After a lengthy debate over what might constitute “transformative” spending of some of the $1.1 billion American Rescue Plan Act money, the state Senate approved HB 2 by a vote of 36 to 4.
HB 2 appropriates $478 million of the ARPA funds into various projects, such as road work, broadband expansion and conservation projects. The Legislative Finance Committee staff put the spending bill together based on requests from state agencies made during interim legislative committee hearings. The spending for some of the money, such as $10 million for smaller airports around the state, has not been appropriated in specific terms and will be left up to the agencies, in this case the Department of Transportation, to make the final decisions on the best use of the funds. Other programs, such as $7 million for outdoor recreation, will be distributed through a grant-making process the agency, in that instance the Economic Development Department, will oversee.
State Sen. Joseph Cervantes, of Las Cruces, was the only Democrat to vote against the bill. He argued that the legislature was rushing into spending ARPA funds due to the governor’s proclamation but that the body could wait. He also referenced the lawsuit he joined, started by state Sens. Jacob Candelaria, I-Albuquerque, and Sen. Greg Baca, R-Belen, earlier this year to challenge the governor’s idea that she was the person to appropriate ARPA funds. Gov. Michelle Lujan Grisham argued that she should have that responsibility because ARPA funds are federal dollars, not state money. The state Senators won in the New Mexico Supreme Court.
“I feel a little hypocritical with the arguments we made in court,” Cervantes said. “We argued the legislature has this role and responsibility but I’m not really sure we’re doing it in the best way we can. I believe the reason is because we’re rushing and the reason we’re rushing is because of the proclamation to spend a billion dollars.”
Cervantes urged the body to wait on making these spending decisions until the regular legislative session in January. He was a co-sponsor to SB 9, which would have appropriated $335 million primarily to the University of New Mexico to create a public health system for the state. State Sen. Gerald Ortiz y Pino, D-Albuquerque, was the primary sponsor of that bill.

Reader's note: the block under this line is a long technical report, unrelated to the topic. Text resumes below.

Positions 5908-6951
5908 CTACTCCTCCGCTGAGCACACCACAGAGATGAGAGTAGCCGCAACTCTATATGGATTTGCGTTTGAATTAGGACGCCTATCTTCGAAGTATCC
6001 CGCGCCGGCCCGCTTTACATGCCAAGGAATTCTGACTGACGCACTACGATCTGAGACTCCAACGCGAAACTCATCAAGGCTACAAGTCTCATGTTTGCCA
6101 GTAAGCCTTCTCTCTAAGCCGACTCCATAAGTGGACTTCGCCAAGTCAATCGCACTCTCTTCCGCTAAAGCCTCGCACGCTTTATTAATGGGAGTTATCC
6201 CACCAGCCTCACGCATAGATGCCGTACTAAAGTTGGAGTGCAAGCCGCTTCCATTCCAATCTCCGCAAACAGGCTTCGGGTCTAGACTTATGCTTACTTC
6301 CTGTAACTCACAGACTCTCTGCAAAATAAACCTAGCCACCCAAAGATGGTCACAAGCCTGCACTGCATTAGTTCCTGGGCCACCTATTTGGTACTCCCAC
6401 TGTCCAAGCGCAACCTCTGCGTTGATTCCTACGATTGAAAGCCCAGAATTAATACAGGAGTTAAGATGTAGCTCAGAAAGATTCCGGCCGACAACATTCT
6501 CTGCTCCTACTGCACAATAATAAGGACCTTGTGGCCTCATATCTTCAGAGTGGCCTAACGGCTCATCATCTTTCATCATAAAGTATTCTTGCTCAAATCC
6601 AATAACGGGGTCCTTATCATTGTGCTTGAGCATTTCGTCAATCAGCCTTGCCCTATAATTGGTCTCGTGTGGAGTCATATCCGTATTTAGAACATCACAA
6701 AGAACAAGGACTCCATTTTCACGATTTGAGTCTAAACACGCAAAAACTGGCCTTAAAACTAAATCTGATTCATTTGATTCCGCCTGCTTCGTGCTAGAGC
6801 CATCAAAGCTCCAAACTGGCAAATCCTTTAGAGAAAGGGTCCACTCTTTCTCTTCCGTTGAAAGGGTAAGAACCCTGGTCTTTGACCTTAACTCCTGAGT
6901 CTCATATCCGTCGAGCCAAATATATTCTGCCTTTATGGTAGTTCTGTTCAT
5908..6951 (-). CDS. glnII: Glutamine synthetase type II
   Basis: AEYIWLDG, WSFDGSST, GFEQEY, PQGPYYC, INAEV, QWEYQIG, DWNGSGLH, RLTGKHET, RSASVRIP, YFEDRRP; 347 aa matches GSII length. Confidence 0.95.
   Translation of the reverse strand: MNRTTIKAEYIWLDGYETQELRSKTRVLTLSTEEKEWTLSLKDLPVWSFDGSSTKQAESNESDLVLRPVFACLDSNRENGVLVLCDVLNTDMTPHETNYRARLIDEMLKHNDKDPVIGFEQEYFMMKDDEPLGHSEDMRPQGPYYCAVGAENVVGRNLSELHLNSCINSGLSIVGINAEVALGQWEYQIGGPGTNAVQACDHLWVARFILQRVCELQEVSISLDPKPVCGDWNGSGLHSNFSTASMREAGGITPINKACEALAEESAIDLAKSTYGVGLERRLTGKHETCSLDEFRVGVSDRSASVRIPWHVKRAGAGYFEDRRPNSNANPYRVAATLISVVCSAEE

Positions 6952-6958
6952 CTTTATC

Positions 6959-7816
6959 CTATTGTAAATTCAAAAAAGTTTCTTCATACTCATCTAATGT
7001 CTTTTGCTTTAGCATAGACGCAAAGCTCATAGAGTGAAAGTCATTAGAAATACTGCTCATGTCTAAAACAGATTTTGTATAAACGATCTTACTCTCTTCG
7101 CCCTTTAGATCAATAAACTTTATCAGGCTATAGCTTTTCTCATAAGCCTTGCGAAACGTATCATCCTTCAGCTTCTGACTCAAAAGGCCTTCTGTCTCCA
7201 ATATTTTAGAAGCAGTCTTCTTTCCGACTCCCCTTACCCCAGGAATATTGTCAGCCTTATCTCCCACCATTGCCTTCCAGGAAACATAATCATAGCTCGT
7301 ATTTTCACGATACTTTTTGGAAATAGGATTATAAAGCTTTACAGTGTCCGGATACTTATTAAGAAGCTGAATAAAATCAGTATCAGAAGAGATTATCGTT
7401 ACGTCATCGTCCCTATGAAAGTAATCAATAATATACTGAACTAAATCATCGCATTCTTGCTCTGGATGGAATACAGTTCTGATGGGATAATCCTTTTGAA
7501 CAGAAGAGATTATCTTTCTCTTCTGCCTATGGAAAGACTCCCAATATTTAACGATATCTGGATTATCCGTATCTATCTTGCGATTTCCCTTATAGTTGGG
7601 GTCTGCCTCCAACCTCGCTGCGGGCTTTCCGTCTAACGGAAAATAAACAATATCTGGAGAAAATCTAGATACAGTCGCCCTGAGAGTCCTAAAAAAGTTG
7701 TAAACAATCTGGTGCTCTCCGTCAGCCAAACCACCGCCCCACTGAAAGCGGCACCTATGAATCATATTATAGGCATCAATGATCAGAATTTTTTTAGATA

“Is this really the best we can do?” Cervantes asked of HB 2.
Cervantes argued in the Senate Finance Committee, which heard and tabled SB 9 over the weekend, that HB 2 was disappointing and that a bill to create a public health care system in New Mexico, which would cull data across the state, would be “transformative.”
Cervantes also argued that since the money was appropriated due to losses caused by the COVID-19 pandemic, the state should consider spending it on healthcare.
“With all due respect, I urge the members to do this right. To come back in January and really consider whether we’re prepared to do transformative things. Because we told the governor we could do this. We can spend this money in a transformative way, in a bold way. I urge this body to do it in healthcare because that’s what COVID is. It’s about healthcare,” Cervantes said.
Ortiz y Pino said he would vote for HB 2 but he criticized at length the plan in HB 2 to appropriate $50 million for a hospital in a county of less than 100,000 in population. In a previous committee hearing and on the Senate floor, Valencia County came up as a likely recipient of that funding.
“It’s a Christmas tree,” Ortiz y Pino said of HB 2. “It has nice things. Shiny things. Things that are hard to vote against but it’s a missed opportunity. I still think it represents a missed opportunity.”
State Sen. George Muñoz, D-Gallup, said Valencia County has been trying to build a hospital for a long time and that the county has the land and money appropriated for operations.
Some Republicans argued on behalf of the bill. State Sen. Pat Woods, R-Broadview, said he was “hot under the collar” and that he had to “calm down” during his speech over the spending bill.
“We need to act like grownups and spend the money rationally. Every project is not pinpointed but we know we need to spend in that area,” he said.
Muñoz said that the spending projects in HB 2 are “transformational.” He talked about the $15 million appropriated for a nursing program and $2 million appropriated for teachers to help them repay student loans. He also talked about the $123 million for broadband expansion. He said that for rural children to receive broadband technology or someone who is homeless to receive assistance from the state, that is “transformational.”
“Think about what makes change in New Mexico,” he said.
The other state Senators who voted against the bill were Republican state Sens. David Gallegos, of Eunice, Gregg Schmedes, of Tijeras, and Mark Moores, of Albuquerque.
Next the bill will go to the House floor to consider the changes made in the Senate Finance Committee.
This article was originally posted on After debate over ‘transformative’ nature, state Senate passes federal relief spending bill